Tutorial - CUDA 1: Game of Life on GPU

Note: This tutorial required a CUDA aware MPI library. If you get a SEGFAULT when executing this tutorial, make sure that your MPI library was built with CUDA support! For instructions how to build OpenMPI with CUDA see this page.

Creating Fields

To run a simulation on a NVIDIA graphics card, we have to allocate data on the GPU and write a CUDA kernel that operates on this data. In this tutorial we first allocate a field on the GPU and learn about functionality to transfer data between CPU and GPU fields.

Since initialization and output routines are usually not time critical, they are implemented for CPU fields only. In waLBerla we set up the complete simulation using CPU fields, copy the initialized fields over to the GPU, do the complete computation there, and, in the end, copy everything back to do the output from the CPU field. So only the time critical kernels have to be written in CUDA.

Thus the setup code of the GPU GameOfLife program is very similar to its CPU version, which was implemented in a previous tutorial ( Tutorial - Basics 3: Writing a Simple Cellular Automaton in waLBerla ). One difference is, that fields which are often transfered from/to the GPU should be allocated with a different field allocator: cuda::HostFieldAllocator . This allocator uses cudaHostAlloc() instead of "new" , such that the memory is marked "pinned", which means that it is always held in RAM and cannot be swapped out to disk. Data transfer from pinned memory is faster than from normal memory. The usage of this allocator is not mandatory, the data transfer functions work (slightly slower) also with normally allocated fields.

ScalarField * createField( IBlock* const block, StructuredBlockStorage* const storage )
{
return new ScalarField (
storage->getNumberOfXCells( *block ), // number of cells in x direction per block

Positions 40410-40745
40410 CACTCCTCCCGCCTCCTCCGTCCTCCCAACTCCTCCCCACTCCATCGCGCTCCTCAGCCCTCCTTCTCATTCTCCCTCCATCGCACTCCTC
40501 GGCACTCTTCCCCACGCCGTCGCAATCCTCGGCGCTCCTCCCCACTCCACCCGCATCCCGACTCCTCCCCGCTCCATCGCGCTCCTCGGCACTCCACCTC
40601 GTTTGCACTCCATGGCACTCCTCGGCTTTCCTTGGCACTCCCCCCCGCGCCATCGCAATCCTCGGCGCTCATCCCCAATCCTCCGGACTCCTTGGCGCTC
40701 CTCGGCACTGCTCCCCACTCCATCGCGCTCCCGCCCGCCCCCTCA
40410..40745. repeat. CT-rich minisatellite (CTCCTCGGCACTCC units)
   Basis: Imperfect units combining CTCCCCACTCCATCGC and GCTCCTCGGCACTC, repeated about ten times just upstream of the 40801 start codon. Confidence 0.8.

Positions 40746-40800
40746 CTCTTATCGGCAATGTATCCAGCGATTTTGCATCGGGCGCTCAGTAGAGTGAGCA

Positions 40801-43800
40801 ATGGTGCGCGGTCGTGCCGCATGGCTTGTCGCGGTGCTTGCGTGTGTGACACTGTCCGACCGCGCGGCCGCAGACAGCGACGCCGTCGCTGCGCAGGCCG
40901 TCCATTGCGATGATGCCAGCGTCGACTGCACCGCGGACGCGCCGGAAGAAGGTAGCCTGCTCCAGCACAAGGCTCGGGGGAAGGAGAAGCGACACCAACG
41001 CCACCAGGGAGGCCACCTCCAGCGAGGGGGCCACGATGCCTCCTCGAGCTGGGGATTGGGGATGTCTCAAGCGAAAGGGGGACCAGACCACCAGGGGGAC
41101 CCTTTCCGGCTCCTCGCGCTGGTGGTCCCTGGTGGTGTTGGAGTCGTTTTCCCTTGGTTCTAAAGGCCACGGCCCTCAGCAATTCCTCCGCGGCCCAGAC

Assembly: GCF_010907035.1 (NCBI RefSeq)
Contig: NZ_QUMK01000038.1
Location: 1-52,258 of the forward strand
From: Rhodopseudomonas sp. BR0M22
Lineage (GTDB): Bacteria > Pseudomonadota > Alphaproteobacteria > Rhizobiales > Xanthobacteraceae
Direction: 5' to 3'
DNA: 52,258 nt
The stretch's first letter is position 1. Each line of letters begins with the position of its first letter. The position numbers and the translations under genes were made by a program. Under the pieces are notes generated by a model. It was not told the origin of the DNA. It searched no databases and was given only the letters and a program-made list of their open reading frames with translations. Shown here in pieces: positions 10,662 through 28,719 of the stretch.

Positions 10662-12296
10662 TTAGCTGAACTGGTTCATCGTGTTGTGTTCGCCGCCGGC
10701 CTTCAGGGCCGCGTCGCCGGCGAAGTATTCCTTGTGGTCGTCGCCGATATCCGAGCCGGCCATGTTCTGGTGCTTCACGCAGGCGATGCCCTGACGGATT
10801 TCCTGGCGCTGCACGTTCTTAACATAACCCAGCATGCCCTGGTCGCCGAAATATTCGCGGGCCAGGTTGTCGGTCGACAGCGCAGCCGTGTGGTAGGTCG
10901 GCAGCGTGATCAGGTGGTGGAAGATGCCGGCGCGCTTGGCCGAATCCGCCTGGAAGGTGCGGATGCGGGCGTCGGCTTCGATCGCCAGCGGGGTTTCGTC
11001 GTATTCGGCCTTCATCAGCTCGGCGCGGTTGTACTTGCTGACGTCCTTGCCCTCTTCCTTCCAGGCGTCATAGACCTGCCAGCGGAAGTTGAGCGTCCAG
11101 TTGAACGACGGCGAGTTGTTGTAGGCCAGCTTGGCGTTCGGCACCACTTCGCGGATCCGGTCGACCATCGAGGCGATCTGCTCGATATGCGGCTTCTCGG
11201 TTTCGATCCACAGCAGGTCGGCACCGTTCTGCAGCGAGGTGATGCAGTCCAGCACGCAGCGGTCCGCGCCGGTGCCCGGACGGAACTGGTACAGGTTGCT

storage->getNumberOfYCells( *block ), // number of cells in y direction per block
storage->getNumberOfZCells( *block ), // number of cells in z direction per block
1, // one ghost layer
real_t(0), // initial value
field::fzyx, // layout
make_shared<cuda::HostFieldAllocator<double> >() // allocator for host pinned memory
);
}

Now we initialize the CPU field just like in the previous tutorial tutorial_basics03 . Then two GPU fields are created: "source" and "destination" field. The helper function cuda::addGPUFieldToStorage() creates a cuda::GPUField field of the same size and layout of the given CPU field:

BlockDataID gpuFieldSrcID = cuda::addGPUFieldToStorage<ScalarField>( blocks, cpuFieldID, "GPU Field Src" );
BlockDataID gpuFieldDstID = cuda::addGPUFieldToStorage<ScalarField>( blocks, cpuFieldID, "GPU Field Dst" );

The contents of the new GPU fields are initialized with the contents of the given CPU field.

Writing and calling CUDA kernels

For a basic understanding of the CUDA support in waLBerla please read Overview of waLBerla CUDA support first.

After reading this page you should know what a FieldAccessor is and how to call CUDA kernels from cpp files. So we can now start with writing a CUDA kernel for the Game of Life algorithm. We place this in a separate file with ".cu" extension. The build system then automatically detects that this file should be compiled with the CUDA C++ compiler.

The kernel gets two field accessors as arguments, one for the source and one for the destination field. Both accessors have to be configured using the CUDA variables blockIdx and threadIdx, such that afterwards the get() and getNeighbor() functions of the accessor class can work correctly.

__global__ void gameOfLifeKernel( cuda::FieldAccessor<double> src, cuda::FieldAccessor<double> dst )
{